The Duchess of Cambridge looked effortlessly elegant this evening as she donned a new cream coat dress when attending the reception for the G7 summit.
Kate, 39, dressed in an Alexander McQueen outfit thought to have cost £3,000, appeared alongside her husband Prince William, 38, as the couple attended the event at the Eden Project, in Cornwall.
The reception was hosted by the Queen, 95, and Prince Charles, 72, for the world leaders and their spouses following the start of the summit today.
Earlier, the royal cut an elegant figure in a £1,125 fuchsia midi dress from Alexander McQueen, paired with a £225 L.K. Bennett handbag and matching shoes, as she arrived to meet US First Lady Jill Biden, 70, who also wore pink, for the first time.
The duo met children aged four and five in reception class at the Connor Downs Academy near Camborne this afternoon followed by a round table discussion with UK education experts convened by Kate.
Prince William and Kate joined the Queen, the Prince of Wales and the Duchess of Cornwall at the reception at the Eden Project
The Duchess of Cambridge looked effortlessly elegant this evening as she donned a new cream coat dress when attending the reception for the G7 summit
This evening, Kate dazzled in a lavish cream coat, believed to have cost at least £2,500, paired with a glitzy clutch bag and beige heels.
The royal wore her bouncy brunette locks styled in her signature side parting and opted for a touch of glamorous makeup - including a simple smokey eye.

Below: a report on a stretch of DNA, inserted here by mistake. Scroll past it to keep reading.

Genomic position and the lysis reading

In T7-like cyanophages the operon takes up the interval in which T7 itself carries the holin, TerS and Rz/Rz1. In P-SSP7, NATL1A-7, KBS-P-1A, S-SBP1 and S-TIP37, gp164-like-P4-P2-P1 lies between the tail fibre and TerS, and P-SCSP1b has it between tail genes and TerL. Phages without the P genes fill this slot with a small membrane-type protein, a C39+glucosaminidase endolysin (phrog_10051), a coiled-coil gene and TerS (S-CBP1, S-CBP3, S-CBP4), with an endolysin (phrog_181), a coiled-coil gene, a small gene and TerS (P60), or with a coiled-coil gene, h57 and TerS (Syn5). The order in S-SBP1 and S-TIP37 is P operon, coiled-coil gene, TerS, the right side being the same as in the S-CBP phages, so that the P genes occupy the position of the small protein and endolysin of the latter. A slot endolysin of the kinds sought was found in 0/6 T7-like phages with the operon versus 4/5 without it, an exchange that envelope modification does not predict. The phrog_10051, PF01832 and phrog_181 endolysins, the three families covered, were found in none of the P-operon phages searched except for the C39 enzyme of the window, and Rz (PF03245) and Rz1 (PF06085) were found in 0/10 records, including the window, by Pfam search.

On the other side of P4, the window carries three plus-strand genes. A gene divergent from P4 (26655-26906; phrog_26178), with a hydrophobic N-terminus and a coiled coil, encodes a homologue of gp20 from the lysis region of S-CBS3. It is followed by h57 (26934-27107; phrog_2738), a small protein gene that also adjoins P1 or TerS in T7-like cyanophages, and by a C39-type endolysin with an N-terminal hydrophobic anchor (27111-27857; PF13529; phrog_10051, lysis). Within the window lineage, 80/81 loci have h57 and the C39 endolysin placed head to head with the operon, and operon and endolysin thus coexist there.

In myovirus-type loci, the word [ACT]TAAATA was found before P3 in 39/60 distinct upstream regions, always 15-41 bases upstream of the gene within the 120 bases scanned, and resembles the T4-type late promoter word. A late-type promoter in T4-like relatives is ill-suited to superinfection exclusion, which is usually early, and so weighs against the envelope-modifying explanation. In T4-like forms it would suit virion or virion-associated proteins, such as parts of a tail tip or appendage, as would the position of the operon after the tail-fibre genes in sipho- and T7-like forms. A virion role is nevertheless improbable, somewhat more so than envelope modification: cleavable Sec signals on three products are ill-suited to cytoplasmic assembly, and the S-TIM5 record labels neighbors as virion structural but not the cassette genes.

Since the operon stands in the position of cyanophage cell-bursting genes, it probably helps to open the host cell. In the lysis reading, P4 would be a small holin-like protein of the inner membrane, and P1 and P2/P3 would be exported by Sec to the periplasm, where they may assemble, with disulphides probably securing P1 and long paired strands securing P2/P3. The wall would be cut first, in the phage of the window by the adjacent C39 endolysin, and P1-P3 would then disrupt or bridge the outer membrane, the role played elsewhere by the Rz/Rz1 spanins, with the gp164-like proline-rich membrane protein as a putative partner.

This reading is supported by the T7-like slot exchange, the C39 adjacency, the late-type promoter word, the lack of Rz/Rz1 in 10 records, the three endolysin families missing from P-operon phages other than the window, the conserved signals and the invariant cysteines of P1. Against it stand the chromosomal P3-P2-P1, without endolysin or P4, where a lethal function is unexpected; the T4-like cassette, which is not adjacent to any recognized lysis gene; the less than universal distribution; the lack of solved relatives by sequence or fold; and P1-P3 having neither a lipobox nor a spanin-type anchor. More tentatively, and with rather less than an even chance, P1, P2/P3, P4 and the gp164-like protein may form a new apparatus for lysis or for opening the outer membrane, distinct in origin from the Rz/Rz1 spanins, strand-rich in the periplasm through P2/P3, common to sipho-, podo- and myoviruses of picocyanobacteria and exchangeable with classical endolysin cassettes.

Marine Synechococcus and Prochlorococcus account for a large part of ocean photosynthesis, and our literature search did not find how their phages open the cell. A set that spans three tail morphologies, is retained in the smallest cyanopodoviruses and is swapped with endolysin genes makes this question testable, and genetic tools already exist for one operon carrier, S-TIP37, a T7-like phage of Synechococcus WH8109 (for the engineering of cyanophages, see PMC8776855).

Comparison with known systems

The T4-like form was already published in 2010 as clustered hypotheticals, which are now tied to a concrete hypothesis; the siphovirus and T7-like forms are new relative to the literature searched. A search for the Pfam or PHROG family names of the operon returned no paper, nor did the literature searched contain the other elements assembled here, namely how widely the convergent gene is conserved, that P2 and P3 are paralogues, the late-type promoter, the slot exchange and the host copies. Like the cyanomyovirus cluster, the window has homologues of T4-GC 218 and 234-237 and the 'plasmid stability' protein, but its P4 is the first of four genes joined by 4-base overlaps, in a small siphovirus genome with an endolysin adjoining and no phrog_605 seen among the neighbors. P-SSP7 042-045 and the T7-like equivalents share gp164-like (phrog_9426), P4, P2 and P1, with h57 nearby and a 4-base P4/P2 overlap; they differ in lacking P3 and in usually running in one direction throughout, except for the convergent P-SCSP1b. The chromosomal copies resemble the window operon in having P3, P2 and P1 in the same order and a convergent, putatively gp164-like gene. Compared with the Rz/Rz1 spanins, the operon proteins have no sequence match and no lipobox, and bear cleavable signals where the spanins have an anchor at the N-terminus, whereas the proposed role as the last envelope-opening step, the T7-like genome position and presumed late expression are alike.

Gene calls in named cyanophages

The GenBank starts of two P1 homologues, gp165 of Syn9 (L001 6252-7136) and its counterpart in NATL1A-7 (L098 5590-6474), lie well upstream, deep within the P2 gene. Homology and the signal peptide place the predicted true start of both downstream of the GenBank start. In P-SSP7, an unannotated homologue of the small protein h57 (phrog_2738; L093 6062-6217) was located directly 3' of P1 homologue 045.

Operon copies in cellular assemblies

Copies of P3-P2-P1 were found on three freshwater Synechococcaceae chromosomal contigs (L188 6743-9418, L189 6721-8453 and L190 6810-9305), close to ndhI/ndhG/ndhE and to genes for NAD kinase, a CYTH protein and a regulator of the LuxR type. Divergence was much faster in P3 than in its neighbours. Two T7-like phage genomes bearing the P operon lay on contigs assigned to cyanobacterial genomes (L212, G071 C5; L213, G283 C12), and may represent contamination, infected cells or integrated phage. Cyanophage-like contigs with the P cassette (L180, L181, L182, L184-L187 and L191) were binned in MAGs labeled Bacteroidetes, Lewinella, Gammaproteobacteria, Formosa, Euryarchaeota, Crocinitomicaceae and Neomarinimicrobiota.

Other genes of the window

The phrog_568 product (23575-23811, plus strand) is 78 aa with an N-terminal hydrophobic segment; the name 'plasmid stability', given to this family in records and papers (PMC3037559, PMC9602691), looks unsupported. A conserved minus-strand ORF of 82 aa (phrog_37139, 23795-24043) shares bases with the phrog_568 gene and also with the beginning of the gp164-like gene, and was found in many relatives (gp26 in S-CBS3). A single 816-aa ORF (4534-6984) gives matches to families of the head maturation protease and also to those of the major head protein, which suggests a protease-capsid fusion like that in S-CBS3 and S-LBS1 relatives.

William, who appeared equally charming in a navy suit with a purple tie, and Kate joined the Queen, the Prince of Wales and the Duchess of Cornwall at the reception at the Eden Project.
Later this evening, Prince Charles will host an additional reception where he will brief leaders on his 'sustainable markets initiative'.
The Royal Family will then depart and the leaders and their spouses will then have dinner, prepared by local chef Emily Scott before returning to the summit venue at Carbis Bay.
This evening, Kate (pictured right) dazzled in a lavish cream coat, believed to have cost at least £2,500, paired with a glitzy clutch bag and beige heels
The royal (pictured with her family as well as Boris and Carrie Johnson) wore her bouncy brunette locks styled in her signature side parting and opted for a touch of glamorous makeup
Meanwhile, the Big Jubilee Lunch will form part of the Queen's Platinum Jubilee celebrations in 2022 and during Friday the monarch, joined by Kate and Camilla, will attend an event in celebration of The Big Lunch, an initiative spearheaded by the Eden Project.
The royal party will meet local Big Lunch volunteers and thank them for their efforts supporting their communities through the challenges of the past year.
On Sunday, President Biden and his wife Jill will travel to Windsor Castle for an audience with the Queen - their first official meeting since he became president.
Earlier today, Kate was a vision in pink as she met with Dr Jill Biden at a school in Cornwall to discuss female empowerment ahead of the G7 summit
The Duchess of Cambridge and US First Lady Jill Biden couldn't stop smiling during a visit to Connor Downs Academy in Hayle, West Cornwall, during the G7 summit in Cornwall
The pair, who have never met before, shared a laugh as they arrived for the official visit
When asked about the visit, Jill Biden said: 'Well, we're hoping to focus, I think, on education. Joe and I are both looking forward to meeting the Queen. That's an exciting part of the visit for us.
'We've looked forward to this for weeks and now it's finally here. It's a beautiful beginning.'
The appearance from Kate comes amid a difficult week for the family, following what would have been the Duke of Edinburgh's 100th birthday.